Florida health department underreported COVID-19 cases, deaths, due to technical issues: state audit

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The number of COVID-19 cases and deaths reported in Florida from March 1, 2020 through October 9, 2020 by the Department of Health was underreported due to data collection issues, according to the Florida Auditor General’s report. report released June 1.

The report comes after last March, when an investigation by the Florida Department of Health Office (FDOH) Inspector General found “insufficient evidence” or no evidence to support self-proclaimed whistleblower Rebekah Jones’ claims that he had been asked to falsify COVID-19 data on the state dashboard, according to Investigation report of the Office of Inspector General. Her claim that she was asked to restrict access to the underlying data was also found to be false, according to this report.

People line up to receive a COVID-19 test, Wednesday, Nov. 18, 2020, in Opa-Locka, Florida.
(AP Photo/Marta Lavandier)

“To assess the State’s readiness to provide critical information needed to respond to the global pandemic, this operational audit focused on the processes for collecting and reporting COVID-19 data to the Agency for Health Care Administration (Agency), Department of Health (Department) and Emergency Management Division (Division) during the period March 1, 2020 through October 9, 2020,” the Auditor General’s report states. ‘State.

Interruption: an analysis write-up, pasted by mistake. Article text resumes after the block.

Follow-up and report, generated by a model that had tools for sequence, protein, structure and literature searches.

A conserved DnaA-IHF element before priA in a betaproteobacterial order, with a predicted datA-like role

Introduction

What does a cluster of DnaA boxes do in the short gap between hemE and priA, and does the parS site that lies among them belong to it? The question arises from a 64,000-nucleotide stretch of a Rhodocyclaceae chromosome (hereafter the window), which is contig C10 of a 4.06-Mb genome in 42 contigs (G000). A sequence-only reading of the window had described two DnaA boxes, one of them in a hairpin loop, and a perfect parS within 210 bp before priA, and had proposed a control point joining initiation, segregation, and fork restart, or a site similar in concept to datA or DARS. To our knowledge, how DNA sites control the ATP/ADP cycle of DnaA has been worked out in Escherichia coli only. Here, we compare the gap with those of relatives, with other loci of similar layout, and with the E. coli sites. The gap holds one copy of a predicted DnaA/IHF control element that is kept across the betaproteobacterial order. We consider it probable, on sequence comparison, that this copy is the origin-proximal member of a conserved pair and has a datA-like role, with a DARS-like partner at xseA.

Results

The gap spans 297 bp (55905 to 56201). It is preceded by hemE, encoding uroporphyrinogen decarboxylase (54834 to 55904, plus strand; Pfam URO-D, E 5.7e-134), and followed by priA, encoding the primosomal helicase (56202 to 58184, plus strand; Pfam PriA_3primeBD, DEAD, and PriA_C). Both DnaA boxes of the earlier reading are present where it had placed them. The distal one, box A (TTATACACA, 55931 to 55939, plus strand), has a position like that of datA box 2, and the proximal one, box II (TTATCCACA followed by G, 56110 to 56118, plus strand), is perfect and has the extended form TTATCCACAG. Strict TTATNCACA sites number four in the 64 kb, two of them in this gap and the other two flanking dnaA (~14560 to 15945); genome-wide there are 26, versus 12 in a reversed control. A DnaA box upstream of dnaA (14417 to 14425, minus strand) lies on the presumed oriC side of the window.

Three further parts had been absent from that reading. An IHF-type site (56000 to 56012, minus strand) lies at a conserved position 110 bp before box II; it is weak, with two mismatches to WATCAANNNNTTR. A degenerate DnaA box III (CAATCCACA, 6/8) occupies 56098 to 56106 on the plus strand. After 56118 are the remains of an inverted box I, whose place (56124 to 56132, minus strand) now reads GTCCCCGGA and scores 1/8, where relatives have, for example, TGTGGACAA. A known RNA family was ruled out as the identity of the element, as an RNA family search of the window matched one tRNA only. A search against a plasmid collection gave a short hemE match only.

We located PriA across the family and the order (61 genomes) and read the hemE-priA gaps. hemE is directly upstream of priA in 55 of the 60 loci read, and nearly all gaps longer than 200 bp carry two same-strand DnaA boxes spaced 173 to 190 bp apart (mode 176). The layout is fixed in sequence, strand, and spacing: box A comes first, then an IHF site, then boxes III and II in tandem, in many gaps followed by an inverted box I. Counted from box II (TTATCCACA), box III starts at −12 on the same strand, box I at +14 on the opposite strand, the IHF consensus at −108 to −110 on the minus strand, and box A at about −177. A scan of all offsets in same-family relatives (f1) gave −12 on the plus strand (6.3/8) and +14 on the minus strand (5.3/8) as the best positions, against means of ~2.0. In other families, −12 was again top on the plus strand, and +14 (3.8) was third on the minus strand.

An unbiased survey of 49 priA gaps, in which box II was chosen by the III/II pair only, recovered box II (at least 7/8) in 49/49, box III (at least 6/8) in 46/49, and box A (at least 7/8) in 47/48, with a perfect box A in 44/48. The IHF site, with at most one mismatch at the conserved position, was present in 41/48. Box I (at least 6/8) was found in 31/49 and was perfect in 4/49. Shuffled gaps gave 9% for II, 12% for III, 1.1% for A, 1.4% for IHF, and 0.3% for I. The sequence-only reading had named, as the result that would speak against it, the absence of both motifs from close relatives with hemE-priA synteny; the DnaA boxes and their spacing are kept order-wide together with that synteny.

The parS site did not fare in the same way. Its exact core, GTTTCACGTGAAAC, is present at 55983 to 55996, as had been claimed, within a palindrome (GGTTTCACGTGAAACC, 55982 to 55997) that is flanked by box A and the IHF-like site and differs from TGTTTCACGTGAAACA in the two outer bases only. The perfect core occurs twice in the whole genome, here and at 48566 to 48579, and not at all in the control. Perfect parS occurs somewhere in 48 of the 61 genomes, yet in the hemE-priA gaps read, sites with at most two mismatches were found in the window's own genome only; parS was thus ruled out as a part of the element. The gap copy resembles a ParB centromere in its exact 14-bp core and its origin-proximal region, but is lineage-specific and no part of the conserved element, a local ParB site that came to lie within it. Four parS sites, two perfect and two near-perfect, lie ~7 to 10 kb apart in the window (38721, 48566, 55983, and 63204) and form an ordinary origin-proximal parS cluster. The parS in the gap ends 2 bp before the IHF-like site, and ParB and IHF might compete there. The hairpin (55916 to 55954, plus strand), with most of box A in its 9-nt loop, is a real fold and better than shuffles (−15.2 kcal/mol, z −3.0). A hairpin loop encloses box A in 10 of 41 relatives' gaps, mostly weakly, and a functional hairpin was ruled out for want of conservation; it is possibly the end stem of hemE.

“As described below, the number of entities reporting data, apparently inaccurate or incomplete data reported to the state by these entities, and the lack of effective access controls in the systems used to collect data, impacted the state’s ability to accurately report COVID-19 data early in the pandemic.”


The Florida Department of Health used a data software called the Merlin system, but it “did not appear complete or contained anomalies” compared to data from the Bureau of Vital Statistics.

“We compared Merlin death records to Bureau of Vital Statistics death records where COVID-19 was included as a cause or contributing factor of death and differences identified between records,” the report said.

Health department records also did not always show evidence that COVID-19 patients were contacted in a timely manner, which violated state health department search requirements. contacts.

Signage stands ready (foreground) in case COVID-19 testing at Barnett Park reaches capacity, as cars line up in Orlando, Fla., Thursday, July 29, 2021.

Signage stands ready (foreground) in case COVID-19 testing at Barnett Park reaches capacity, as cars line up in Orlando, Fla., Thursday, July 29, 2021.
(Joe Burbank/Orlando Sentinel via AP)

The audit noted that “for 168,880 of 729,552 cases, Merlin did not provide evidence that COVID-19 positive individuals were contacted or that contact was attempted by the Department.”